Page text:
U.S. President-elect Donald Trump held his first press conference in five months on Wednesday in New York, where he harshly criticized the American intelligence community as well as American media and his political opponents.
From the stage of the Trump Tower, Trump denounced the reports published on Tuesday evening about the possibility that Russia was holding compromising information about him as "fake news" and "a disgrace." Russia also issued a denial.
Trump added that if the source of these reports were leaks from within the American intelligence community that would be "a tremendous blot on their records."
The conference began with a short statement from incoming White House press secretary Sean Spicer, who specifically called out two news outlets – CNN and BuzzFeed News – for publishing reports on the Trump-Russia allegations.
Trump opened his remarks by saying: “I must say that I want to thank a lot of the news organizations here today because they looked at that nonsense that was released by maybe the intelligence agencies – who knows, but maybe the intelligence agencies, which would be a tremendous blot on their record if they did do that, a tremendous blot."
Trump said that the dossier reported on by BuzzFeed prepared by the former MI6 agent, had been handed to some of his rivals in the Republican party during the fight for the party's presidential nomination last year.
CNN broke the story on Tuesday that senior intelligence officials had briefed Trump and President Barack Obama about documents from a private intelligence company that included details of embarrassing and compromising information about Trump held by the Russians.
Buzzfeed News later published a 35-page dossier, which it said was the basis for the intelligence assessment presented to Obama and Trump.
The dossier has turned out to include wrong and unsubstantiated details.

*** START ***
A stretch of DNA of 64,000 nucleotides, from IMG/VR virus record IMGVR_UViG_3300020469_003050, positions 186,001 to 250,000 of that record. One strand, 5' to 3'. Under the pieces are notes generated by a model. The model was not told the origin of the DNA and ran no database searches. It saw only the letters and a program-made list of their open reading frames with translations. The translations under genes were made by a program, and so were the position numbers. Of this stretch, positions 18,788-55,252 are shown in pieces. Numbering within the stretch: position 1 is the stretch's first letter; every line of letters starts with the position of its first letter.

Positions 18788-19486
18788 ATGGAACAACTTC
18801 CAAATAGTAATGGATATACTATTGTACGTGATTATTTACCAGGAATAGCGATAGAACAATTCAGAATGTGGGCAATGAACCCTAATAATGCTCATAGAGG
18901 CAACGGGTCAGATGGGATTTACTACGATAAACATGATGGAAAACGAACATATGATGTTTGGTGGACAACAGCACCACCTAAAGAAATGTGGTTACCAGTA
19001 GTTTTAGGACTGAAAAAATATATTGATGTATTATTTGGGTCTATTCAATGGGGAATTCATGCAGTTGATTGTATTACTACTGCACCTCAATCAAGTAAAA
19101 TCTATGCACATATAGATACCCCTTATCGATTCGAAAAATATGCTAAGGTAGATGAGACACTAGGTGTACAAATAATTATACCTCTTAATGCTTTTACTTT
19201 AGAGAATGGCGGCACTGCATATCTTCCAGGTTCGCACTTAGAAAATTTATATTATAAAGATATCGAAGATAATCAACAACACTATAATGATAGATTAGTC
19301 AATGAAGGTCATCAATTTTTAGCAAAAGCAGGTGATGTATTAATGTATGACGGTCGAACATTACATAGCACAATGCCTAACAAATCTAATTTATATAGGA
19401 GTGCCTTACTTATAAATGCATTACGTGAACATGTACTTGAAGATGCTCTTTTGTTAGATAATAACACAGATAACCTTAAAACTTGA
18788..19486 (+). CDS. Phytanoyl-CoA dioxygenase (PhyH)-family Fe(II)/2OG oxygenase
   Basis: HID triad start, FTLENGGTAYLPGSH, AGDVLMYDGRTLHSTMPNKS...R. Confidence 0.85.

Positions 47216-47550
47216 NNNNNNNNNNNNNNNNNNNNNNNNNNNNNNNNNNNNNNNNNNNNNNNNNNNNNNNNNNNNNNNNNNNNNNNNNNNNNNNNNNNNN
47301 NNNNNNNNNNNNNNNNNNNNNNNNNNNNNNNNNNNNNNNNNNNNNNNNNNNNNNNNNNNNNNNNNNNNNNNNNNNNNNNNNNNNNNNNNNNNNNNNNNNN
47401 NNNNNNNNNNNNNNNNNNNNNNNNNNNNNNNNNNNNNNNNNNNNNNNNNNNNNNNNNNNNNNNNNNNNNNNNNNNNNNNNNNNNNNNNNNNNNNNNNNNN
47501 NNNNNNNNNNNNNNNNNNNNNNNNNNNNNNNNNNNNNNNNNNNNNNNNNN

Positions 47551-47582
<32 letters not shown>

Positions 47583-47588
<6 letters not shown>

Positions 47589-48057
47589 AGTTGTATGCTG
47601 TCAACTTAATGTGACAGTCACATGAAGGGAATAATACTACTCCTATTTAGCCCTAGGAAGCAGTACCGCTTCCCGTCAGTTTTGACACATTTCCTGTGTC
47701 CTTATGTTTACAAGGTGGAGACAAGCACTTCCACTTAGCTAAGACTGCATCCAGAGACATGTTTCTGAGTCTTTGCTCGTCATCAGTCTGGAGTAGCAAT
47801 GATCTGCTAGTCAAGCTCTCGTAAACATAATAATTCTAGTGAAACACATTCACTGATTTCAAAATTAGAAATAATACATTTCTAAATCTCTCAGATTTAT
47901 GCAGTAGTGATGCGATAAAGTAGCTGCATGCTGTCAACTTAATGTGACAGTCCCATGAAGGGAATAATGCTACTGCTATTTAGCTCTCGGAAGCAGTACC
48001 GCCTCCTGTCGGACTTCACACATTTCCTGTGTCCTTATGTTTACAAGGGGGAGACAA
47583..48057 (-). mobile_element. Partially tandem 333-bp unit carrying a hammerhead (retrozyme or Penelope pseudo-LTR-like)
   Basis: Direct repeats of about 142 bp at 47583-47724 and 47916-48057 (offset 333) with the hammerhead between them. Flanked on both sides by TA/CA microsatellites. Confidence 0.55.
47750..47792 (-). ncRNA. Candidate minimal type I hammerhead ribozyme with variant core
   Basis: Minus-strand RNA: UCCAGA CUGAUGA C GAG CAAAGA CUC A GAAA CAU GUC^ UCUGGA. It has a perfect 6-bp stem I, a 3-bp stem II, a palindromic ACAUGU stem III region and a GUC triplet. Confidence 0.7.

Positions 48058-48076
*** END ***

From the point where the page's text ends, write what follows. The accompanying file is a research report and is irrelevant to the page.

"I think it’s a disgrace that information would be let out. I saw the information, I read the information —outside of that meeting — it’s all fake news" Trump said.
Hours before the press conference, Trump wrote on his Twitter account: "Intelligence agencies should never have allowed this fake news to "leak" into the public. One last shot at me. Are we living in Nazi Germany?"
When asked during his press conference why he chose to compare the event to Nazi Germany, the President Elect replied:
"I think it was disgraceful that the intelligence agencies allowed any information that turned out to be so false and a disgrace," adding that "that’s something that Nazi Germany would have done and did do."
Some U.S. analysts said it was unprecedented for an American president to use such language about his country's own intelligence agencies.
Trump's comments were the first time he acknowledged in his own voice that Russia was behind the hacking of the Democratic National Committee, a conclusion reached last year by the U.S. intelligence community but previously rejected by the president elect.
"I think it was Russia," Trump said when asked about the hacking. However, later in his remarks, Trump said "it could have been others." Trump also said that if Russian president Vladimir Putin "likes Trump," then "I consider that an asset."
One heated moment arose when CNN White House correspondent Jim Acosta tried to ask a question, but was refused by Trump.
"Mr. President Elect, that's not appropriate," Acosta yelled from his seat, while supporters of Mr. Trump cheered and clapped at his rejection of the CNN journalist. "I'm not going to give you a question, you're fake news" Trump declared.
Before Trump spoke, Vice President Elect Mike Pence also criticized the press.
"I've always been a supporter of free press and always will be," Pence said, "but with freedom comes responsibility."
Pence said the reports on the Russia allegations were proof of bias against Trump in large parts of "the mainstream media," which are "seeking to delegitimize the president elect."
"The American people are sick and tired of it," Pence said.
Sheri Dillon, an attorney with Morgan Lewis, who worked on an arrangement for the president elect's business interests, said the Trump Organization would continue to pursue deals in the United States while Trump is president, but that Trump himself will relinquish control of the company to his sons and put his business assets in a trust.
She said that Trump "should not be expected to destroy the company he built."
Norm Eisen, a former White House Ethics Czar for the Obama administration, said on MSNBC that this arrangement could not be considered a blind trust, and that it will "precipitate an ethics and constitutional crisis from the day he's sworn in"
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